According to the Washington Post,
The bill must be passed by both the Senate and the House of Representatives, and signed by the president, and it is unclear whether all that can happen before the Treasury Department exhausts its borrowing power Thursday.
Bipartisan deal avoids major concessions to GOP, delays spending debate until winter.
But the bill’s timeline sets up another potentially bitter showdown over spending cuts and entitlement programs that will unfold in the halls of Congress over the next four months.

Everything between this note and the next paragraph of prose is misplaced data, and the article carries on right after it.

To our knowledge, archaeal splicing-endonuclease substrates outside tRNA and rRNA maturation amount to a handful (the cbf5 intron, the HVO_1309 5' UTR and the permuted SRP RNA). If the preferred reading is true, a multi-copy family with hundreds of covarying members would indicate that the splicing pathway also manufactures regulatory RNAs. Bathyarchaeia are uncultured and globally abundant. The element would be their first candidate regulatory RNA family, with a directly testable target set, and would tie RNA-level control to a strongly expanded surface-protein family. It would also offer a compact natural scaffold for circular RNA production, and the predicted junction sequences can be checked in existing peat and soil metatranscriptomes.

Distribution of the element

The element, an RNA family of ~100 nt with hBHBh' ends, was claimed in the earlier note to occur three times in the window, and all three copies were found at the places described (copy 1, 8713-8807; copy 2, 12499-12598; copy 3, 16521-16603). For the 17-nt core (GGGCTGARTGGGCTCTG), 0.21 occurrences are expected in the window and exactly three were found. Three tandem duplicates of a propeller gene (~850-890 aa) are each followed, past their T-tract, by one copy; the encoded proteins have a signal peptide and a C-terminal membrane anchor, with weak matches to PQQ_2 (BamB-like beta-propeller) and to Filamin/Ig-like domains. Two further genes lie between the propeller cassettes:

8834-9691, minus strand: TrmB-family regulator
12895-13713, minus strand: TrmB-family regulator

“This legislation ends a standoff that ground the work of Washington to a halt,” Reid said, urging his colleagues to focus on reconciliation rather than blame. “What we’ve done is send a message to Americans … and in addition to that, to the citizens of every country in the world, that the United States lives up to its obligations.”
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